Jeff Nichols is very quickly solidifying himself as a distinct and essential American voice. The 37-year old Arkansas native blends the mystic nostalgia of Steven Spielberg’s great wonders with the romanticized bayou lyricism of a Mark Twain novel. The result is often staggering,  the heavy, heady crossroads of lock stock ultra violence and meaningfully sentimental morality plays. In 2012, Nichols’ snaggle-toothed fable Mud sounded the starting gun for the McConaissance, just as he basically introduced the world to Michael Shannon as a leading man in 2011’s Take Shelter. More than just a emcee for introducing (or reintroducing) us to new or reinvigorated talent,  Nichols has emerged as a bold writer/director willing to take big risks and reap big rewards and Midnight Special, a work of great wonder and beauty, is blinding evidence of this fact. Read More

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Sundance ’16 Review: ‘COMPLETE UNKNOWN’

An old flame forks her way back into the life of a married man in Joshua Marston‘s mysterious and somewhat satisfying Complete Unknown. Marston struck a chord with debut Maria Full of Grace, which played Sundance 12 years ago, giving a drug mule a face in performer Catalina Sandino Moreno. With Complete Unknown, the Californian director harnesses a selfsame ability to craft complex female leads but allows the narrative to come to tatters as it crests its many tonal shifts. Read More

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Out in Theaters: ‘THE NIGHT BEFORE’

Mix one part holiday sentiment, two parts 21st century bromance and a healthy teaspoon of bath salts and you’ll have cooked up Jonathan Levine‘s latest comedic vision quest. The Night Before is packaged as a drug-fueled Christmas romp starring such likable actors as Seth Rogen, Anthony Mackie and Joseph Gordon-Levitt and works from a script from Levine and frequent Rogen collaborator Evan Goldberg. When the formulaic cocktail of easy chemistry and easier laughs is working, The Night Before is funny bone-shaking good, a zesty melange of manic humor, gross out gags and breezy charisma. At one too many of its Santa’s sleigh stops though, the bromance is invaded by bromides, making for an uneven and inconsistent holiday farce with uncomfortably obvious pacing problems. But, being a comedy, the essential question really boils down to: is The Night Before funny? Read More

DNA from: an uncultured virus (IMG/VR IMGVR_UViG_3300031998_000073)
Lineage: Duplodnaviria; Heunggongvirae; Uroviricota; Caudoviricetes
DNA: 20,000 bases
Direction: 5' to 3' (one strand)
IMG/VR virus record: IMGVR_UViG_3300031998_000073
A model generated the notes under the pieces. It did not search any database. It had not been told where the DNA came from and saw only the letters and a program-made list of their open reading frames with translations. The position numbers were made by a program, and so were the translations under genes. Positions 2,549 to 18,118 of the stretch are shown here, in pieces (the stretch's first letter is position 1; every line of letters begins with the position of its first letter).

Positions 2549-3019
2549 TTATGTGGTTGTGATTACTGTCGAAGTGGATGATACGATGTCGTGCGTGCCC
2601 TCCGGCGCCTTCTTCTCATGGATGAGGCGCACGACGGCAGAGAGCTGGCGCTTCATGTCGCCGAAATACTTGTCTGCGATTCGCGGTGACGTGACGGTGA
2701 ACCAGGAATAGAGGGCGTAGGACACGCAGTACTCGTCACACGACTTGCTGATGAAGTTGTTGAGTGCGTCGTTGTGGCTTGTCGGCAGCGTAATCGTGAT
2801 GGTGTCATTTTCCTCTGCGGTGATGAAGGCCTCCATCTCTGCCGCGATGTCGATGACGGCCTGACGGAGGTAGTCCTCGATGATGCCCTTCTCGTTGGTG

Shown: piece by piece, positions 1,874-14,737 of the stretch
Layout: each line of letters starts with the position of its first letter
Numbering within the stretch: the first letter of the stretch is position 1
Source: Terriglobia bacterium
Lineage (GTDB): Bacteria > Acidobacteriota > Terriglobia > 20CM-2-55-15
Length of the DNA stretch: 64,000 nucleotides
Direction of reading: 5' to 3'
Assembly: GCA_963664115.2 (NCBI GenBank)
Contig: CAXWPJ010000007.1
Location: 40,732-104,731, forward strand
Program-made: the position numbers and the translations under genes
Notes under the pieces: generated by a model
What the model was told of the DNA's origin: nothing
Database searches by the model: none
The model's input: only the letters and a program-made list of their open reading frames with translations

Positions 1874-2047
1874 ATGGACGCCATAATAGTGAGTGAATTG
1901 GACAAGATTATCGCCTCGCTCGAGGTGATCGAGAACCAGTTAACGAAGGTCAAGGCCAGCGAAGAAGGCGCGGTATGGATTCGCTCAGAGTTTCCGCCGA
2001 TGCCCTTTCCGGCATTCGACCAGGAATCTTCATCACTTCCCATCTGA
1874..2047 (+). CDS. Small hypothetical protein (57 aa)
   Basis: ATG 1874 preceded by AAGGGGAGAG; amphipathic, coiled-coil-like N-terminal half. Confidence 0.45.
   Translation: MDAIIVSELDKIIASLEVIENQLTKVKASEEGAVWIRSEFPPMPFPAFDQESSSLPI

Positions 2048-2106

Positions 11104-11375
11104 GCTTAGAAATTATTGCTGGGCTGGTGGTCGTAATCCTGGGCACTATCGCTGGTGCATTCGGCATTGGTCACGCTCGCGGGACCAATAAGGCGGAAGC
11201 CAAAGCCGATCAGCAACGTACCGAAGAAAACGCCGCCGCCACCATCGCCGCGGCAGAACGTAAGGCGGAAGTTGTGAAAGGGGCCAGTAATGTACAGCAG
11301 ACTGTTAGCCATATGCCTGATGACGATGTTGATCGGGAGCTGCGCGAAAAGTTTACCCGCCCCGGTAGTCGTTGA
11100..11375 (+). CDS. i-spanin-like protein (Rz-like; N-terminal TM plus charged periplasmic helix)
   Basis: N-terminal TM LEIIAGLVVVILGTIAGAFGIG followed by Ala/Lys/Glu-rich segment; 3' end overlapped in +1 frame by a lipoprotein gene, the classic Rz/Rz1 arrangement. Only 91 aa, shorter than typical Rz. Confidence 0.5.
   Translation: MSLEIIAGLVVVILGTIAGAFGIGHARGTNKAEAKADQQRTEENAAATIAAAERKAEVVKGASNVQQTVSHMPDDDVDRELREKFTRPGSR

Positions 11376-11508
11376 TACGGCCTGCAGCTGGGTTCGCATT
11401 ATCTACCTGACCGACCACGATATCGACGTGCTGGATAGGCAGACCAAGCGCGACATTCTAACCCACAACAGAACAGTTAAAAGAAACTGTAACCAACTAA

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Out in Theaters: ’99 HOMES’

*This is a reprint of our Sundance 2015 review

Success and honesty have become diametrically opposed forces in 99 Homes, a one-percenter housing thriller that pits a wolf of real estate in the form of an e-cigarette munching Michael Shannon against a hardworking everyman day laborer (Andrew Garfield). Money though is a powerful drug. Opulence, an even purer form of intoxicant. And as Dennis Nash’s (Garfield) desperate catches the sweet whiff of greenback wafting from the depths of Rick Carver’s (Shannon) pockets, he becomes willing to trade in his common man status for the spade suit of an iniquitous property mogul.

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Sundance Review: 99 HOMES

Success and honesty have become diametrically opposed forces in 99 Homes, a one-percenter housing thriller that pits a wolf of real estate in the form of an e-cigarette munching Michael Shannon against a hardworking everyman day laborer (Andrew Garfield). Money though is a powerful drug. Opulence, an even purer form of intoxicant. And as Dennis Nash’s (Garfield) desperate catches the sweet whiff of greenback wafting from the depths of Rick Carver’s (Shannon) pockets, he becomes willing to trade in his common man status for the spade suit of an iniquitous property mogul.

Read More